Fairburn View Primary School, Castleford

About Fairburn View Primary School, Castleford Browse Features

Fairburn View Primary School, Castleford


Name Fairburn View Primary School, Castleford
Website http://fairburnview.co.uk
Ofsted Inspection Rating Good
Inspection Date 26 June 2018
Address Stansfield Drive, Airedale, Castleford, West Yorkshire, WF10 3DB
Phone Number 01977558350
Type Primary
Age Range 3-11
Religious Character Does not apply
Gender Mixed
Number of Pupils 464 (49% boys 51% girls)
Number of Pupils per Teacher 21.9
Local Authority Wakefield
Percentage Free School Meals 36.7%
Percentage English is Not First Language 6.5%
Persisitent Absence 20.2%
Pupils with SEN Support 6.9%
Catchment Area Information Available Yes, our catchment area data is FREE
Last Distance Offered Information Available No

Information about this school

Fairburn View Primary School is an amalgamation of the former Redhill Junior School and Redhill Infant School. The school was formed as a new school in September 2015. A new building was completed in November 2016. The school is a larger than average-sized primary school. The proportion of pupils eligible for support through the pupil premium is well above the national average. The proportion of pupils who have SEN and/or disabilities is above the national average. The vast majority of pupils are of White British heritage. Very few speak English as an additional language. The school exceeds the government’s current floor standards, which are the minimum standards of achievement set by the Department for Education.

Summary of key findings for parents and pupils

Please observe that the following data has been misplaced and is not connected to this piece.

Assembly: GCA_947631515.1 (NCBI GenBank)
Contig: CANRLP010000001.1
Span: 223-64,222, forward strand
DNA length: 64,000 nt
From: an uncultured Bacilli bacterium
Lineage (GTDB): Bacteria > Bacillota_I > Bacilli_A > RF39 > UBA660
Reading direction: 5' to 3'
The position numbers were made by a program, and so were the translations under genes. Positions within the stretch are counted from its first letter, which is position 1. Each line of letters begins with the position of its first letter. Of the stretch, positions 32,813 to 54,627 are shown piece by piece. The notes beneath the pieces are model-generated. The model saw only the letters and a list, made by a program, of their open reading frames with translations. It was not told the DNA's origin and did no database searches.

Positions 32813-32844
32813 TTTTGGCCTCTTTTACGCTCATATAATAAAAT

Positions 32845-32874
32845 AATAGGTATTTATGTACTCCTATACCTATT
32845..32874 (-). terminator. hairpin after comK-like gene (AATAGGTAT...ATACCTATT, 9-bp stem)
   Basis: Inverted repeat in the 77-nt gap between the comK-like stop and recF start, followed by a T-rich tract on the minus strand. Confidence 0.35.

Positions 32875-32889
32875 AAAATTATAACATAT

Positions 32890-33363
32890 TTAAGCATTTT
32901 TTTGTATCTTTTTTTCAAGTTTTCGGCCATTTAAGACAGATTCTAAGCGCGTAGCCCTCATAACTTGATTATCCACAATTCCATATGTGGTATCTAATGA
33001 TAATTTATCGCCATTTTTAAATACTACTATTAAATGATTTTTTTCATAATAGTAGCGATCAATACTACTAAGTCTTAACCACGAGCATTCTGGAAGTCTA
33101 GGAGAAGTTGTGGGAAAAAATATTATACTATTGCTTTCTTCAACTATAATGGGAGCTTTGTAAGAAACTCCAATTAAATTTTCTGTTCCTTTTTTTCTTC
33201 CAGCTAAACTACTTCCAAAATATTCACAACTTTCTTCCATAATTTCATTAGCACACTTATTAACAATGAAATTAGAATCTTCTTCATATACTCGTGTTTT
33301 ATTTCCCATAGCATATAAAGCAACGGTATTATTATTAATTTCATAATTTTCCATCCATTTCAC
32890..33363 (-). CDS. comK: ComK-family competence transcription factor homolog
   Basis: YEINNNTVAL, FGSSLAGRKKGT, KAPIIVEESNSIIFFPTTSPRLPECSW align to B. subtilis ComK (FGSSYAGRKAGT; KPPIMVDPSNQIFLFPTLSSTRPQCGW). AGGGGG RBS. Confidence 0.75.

This is a good school Despite considerable challenges, leaders have nevertheless improved the school since it opened. The enthusiastic staff are exceptionally positive about the support and challenge from their leaders. Leaders have created a determined, positive and professional culture. Senior leaders have developed an effective middle leadership team. Knowledgeable middle leaders are instrumental in securing continuing improvements in the quality of teaching and pupils’ outcomes. The checks that leaders carry out have secured a high degree of consistency in the quality of teaching. However, these checks do not identify precisely enough the specific impact of teaching on pupils’ learning that would sharpen teaching further. Teaching enables most pupils currently in the school to make good progress across the curriculum. However, outcomes are not yet consistently good. Too many pupils do not achieve the required standard in early reading. In addition, too few pupils are well enough prepared for secondary school. A broad, balanced, well-planned curriculum steadily builds pupils’ knowledge, understanding and skills in a wide range of subjects. Children in the early years settle quickly, grow in confidence and get off to a good start. Adults nurture exceptionally strong, caring, respectful relationships with pupils. As a result, pupils feel safe and secure. Pupils consistently work hard, exhibit good manners and get along well together. Leaders have been effective in developing a ‘can do’ attitude. Pupils have become increasingly resilient and confident. The personal development of pupils is good. Leaders actively promote the spiritual, moral and social development of pupils. Pupils demonstrate tolerance and respect for each other’s views. However, too many pupils have limited understanding about the diverse religions and cultures in modern Britain. This is because this aspect of the curriculum is not as well developed as most other aspects. Despite strenuous efforts to improve attendance, absence rates, especially for disadvantaged pupils, remain above the national average. Diligent governors carry out their roles effectively. However, there are several unfilled vacancies on the governing body. Too many current governors are either parents or staff members. This weakens accountability.